Put yourself in the shoes of a hiring manager. You announce a job opening and all of a sudden your office is flooded with hundreds of resumes. It’s your job to read through each one, but they are all so bland, similar, and underwhelming that they start to run together. By the end, you can’t say for sure if the right candidate is anywhere in the pile.
If you are looking for a job, your resume is how you introduce yourself. Unfortunately, most resumes make a bad first impression. You might be the perfect person for the job, but if your resume doesn’t scream that out, there is no way for a hiring manager to pick you out of the crowd. Make sure you don’t get overlooked by including these to improve your resume every time you send out.
This tip is more important than any other, and it’s really more about what you shouldn’t include. The average resume only gets scanned for 30 seconds. If you can’t present the most impressive and relevant details about yourself in that amount of time, you are wasting an opportunity. Revise your resume over and over until it includes only the most essential details, and make sure that it is formatted in a way that is easy to scan and digest.
Why are you applying for this job? What is the number one thing that makes you qualified? What do you have to contribute specifically? A career objective summarizes all of this into a single sentence that you include at the top of your resume. Be creative, honest, and personal, and you can grab a hiring manager’s attention from the very start.
Skills and Capabilities
Too many job seekers make education and job experience the focus of their resume rather than skills and capabilities. Hiring managers don’t care what you’ve done in the past, they care what you can do in the future. Listing your experience points the focus backward. Listing your skills and capabilities points it forward.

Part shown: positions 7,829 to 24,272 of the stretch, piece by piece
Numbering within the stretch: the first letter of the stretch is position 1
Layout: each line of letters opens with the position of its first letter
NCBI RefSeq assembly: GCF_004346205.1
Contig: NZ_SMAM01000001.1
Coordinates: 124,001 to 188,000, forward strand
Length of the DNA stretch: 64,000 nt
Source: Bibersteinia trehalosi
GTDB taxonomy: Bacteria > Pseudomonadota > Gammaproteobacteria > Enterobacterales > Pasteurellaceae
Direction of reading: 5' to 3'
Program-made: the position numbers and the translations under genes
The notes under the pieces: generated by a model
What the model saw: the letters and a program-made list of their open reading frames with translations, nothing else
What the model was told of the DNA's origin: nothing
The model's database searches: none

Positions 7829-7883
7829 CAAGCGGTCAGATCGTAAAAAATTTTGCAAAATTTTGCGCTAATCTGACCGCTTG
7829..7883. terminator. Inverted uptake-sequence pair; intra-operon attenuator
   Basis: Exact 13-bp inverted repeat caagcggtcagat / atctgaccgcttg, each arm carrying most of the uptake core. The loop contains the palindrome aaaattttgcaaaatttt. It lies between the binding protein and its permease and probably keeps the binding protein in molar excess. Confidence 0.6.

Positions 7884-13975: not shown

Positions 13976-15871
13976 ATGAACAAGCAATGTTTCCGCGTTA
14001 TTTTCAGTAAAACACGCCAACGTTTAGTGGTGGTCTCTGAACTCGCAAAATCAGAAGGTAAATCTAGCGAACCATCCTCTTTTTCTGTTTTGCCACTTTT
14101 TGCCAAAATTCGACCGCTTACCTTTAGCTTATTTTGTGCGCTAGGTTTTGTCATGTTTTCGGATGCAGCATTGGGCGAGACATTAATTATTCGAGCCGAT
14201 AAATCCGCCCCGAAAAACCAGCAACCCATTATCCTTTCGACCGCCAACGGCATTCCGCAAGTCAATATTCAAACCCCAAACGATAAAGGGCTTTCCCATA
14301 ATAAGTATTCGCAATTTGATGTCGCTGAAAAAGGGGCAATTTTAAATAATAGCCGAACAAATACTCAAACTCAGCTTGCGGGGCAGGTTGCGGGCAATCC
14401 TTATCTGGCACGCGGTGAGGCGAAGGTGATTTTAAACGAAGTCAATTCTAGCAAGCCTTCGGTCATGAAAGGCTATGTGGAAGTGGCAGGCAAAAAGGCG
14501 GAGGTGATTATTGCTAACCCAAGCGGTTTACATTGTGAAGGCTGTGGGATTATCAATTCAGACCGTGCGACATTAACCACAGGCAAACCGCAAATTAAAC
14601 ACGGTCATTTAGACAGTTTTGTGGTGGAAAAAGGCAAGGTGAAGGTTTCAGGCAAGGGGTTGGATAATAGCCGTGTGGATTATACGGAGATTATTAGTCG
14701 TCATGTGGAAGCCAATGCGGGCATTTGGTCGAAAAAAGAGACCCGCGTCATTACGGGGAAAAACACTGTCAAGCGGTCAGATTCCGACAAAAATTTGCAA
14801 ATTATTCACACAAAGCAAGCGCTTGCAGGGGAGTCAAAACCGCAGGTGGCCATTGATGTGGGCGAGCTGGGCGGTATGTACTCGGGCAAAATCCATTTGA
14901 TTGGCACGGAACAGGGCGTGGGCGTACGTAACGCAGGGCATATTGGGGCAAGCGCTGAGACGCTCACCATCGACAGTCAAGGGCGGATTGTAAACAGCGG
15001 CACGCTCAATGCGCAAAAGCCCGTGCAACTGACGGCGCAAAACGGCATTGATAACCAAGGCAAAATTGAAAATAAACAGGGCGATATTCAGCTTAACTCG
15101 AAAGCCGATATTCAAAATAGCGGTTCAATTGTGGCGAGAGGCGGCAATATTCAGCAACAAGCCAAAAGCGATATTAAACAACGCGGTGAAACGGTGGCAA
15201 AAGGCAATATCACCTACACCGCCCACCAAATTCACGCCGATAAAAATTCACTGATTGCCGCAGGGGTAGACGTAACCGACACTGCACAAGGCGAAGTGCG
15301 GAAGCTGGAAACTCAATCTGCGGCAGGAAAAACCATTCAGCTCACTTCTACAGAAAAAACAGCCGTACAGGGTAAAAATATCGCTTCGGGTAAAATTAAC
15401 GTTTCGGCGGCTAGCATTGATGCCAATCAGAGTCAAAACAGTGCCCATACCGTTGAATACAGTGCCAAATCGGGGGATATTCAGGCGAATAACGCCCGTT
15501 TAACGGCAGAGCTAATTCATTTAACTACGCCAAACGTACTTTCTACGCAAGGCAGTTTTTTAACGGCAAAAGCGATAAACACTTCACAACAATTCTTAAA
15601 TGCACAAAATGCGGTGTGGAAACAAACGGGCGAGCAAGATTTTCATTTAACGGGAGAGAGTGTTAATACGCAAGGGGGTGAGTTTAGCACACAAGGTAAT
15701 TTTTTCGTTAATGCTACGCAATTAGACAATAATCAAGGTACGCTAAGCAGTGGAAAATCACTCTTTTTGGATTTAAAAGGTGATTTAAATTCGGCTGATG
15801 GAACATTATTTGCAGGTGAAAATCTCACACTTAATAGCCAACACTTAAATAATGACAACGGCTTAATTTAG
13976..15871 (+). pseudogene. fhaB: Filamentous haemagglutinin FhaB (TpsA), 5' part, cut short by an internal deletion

All hiring managers are looking for recruits that can see a project through to the end and rise above expectations. Include any notable professional success on your resume, and be sure that they are tied to clear and verifiable metrics.
All resumes should have a section for references, but instead of writing out names and phone numbers, simply write “references available upon request.” Hiring managers want to know they can contact personal and professional references, but including the contact information on your resume is an unnecessary waste of space.
Even if you follow all these tips, crafting a great resume isn’t easy. It takes a lot of time, thought, revision, and frustration. But simply making the effort immediately sets you apart from a majority of other job seekers. Work with the team at The Concorde Group, and find more valuable job-seeking resources.